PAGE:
Michael Brown and Officer Darren Wilson (104874)

(CNN) — The Justice Department and officials from Ferguson, Missouri, have reached a tentative agreement on reforms in the police department and court system, according to a document released Wednesday by the city.

The city posted the proposed consent decree on its website and asked for residents’ input on the possible agreement. The deadline for comments is February 9, Ferguson officials said.

Ferguson will also hold three public meetings in February.

“As in all negotiations, neither side received everything that they requested, and both sides made concessions in order to reach an agreement,” Ferguson officials said. “This proposed agreement represents the best agreement that the city’s representatives were able to obtain for the citizens of Ferguson.”

In March 2015, the Justice Department determined the Ferguson Police Department had demonstrated a “pattern and practice” of discrimination against African-Americans, targeting them disproportionately for traffic stops, use of force and jail sentences.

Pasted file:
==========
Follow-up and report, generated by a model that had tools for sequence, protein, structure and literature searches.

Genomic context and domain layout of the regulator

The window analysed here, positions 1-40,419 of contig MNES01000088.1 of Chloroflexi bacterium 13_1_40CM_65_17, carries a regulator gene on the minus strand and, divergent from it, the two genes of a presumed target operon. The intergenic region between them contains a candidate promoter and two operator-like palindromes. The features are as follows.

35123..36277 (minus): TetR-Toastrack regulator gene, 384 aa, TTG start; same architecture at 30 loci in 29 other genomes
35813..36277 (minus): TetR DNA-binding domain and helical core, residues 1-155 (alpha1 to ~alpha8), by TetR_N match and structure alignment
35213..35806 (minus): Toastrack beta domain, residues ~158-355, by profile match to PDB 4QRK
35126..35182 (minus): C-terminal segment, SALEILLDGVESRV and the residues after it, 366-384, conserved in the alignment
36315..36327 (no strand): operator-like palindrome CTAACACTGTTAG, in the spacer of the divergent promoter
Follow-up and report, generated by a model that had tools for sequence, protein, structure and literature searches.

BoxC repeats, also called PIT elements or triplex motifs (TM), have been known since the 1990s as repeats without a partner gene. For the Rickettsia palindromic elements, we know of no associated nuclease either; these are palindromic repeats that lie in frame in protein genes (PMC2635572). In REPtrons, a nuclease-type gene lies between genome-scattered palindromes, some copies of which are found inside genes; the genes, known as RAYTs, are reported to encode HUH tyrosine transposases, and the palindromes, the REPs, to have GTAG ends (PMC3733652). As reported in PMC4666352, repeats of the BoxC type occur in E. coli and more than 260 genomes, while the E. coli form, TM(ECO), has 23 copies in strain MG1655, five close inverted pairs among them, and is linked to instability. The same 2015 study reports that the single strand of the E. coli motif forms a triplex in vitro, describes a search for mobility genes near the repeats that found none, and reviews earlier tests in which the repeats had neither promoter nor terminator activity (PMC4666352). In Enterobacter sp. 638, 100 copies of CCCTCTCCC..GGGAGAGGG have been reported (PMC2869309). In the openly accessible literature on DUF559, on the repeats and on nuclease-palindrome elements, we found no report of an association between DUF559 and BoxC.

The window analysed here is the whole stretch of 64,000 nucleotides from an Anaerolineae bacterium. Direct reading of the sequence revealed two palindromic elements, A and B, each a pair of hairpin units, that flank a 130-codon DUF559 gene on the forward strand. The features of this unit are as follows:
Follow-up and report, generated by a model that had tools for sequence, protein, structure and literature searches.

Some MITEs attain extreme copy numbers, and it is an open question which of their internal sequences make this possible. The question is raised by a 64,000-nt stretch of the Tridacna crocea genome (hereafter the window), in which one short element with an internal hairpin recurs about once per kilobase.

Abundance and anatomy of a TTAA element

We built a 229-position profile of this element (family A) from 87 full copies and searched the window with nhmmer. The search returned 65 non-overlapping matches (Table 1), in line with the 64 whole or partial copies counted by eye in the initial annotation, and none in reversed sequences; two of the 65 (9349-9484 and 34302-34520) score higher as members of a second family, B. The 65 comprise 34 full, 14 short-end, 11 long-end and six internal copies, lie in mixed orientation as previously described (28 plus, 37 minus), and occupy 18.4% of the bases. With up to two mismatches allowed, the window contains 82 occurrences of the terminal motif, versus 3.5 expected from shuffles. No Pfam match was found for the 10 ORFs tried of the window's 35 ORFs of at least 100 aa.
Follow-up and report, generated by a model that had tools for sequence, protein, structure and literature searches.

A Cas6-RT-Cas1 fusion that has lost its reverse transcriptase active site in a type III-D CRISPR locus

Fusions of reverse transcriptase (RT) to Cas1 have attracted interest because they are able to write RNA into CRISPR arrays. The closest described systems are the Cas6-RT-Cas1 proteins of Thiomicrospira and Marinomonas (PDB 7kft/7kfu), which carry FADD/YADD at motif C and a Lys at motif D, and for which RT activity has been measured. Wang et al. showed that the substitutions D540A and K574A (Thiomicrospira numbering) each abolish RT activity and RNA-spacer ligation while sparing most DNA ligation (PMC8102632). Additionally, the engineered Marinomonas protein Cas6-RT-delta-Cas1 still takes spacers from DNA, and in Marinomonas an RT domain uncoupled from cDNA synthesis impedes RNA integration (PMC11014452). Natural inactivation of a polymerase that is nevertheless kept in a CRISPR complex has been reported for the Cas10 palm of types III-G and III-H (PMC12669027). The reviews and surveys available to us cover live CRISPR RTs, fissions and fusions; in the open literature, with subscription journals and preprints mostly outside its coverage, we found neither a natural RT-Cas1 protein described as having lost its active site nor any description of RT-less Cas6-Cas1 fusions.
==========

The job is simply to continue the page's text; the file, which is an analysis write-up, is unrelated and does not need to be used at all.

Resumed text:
The report said some Ferguson police officers saw residents as “sources of revenue,” leading to practices that federal investigators said disproportionately targeted black residents.

The 102-page report also found evidence of racist jokes sent by some Ferguson police officers and court officials.

The Justice investigation came in the wake of the August 2014 shooting of 18-year-old Michael Brown by police officer Darren Wilson. Brown was black and Wilson is white.

The department made 26 recommendations, including:

— Ferguson Police provide training to ensure officers aren’t using bias in policing

— Officers practice community policing by getting out of cars, getting to know communities

— Focus police stops, searches and ticketing on protecting the public, as opposed to fundraising for the city

Also in March, the Justice Department declined to bring civil rights charges against Wilson in the death of Brown, who was not armed. Brown’s death prompted days of protests and riots in Ferguson and a national conversation about the role of race in police interactions with citizens.

Justice Department investigators concluded Brown was moving toward the officer when Wilson fired. A grand jury also declined to indict Wilson, who left the force in November 2014.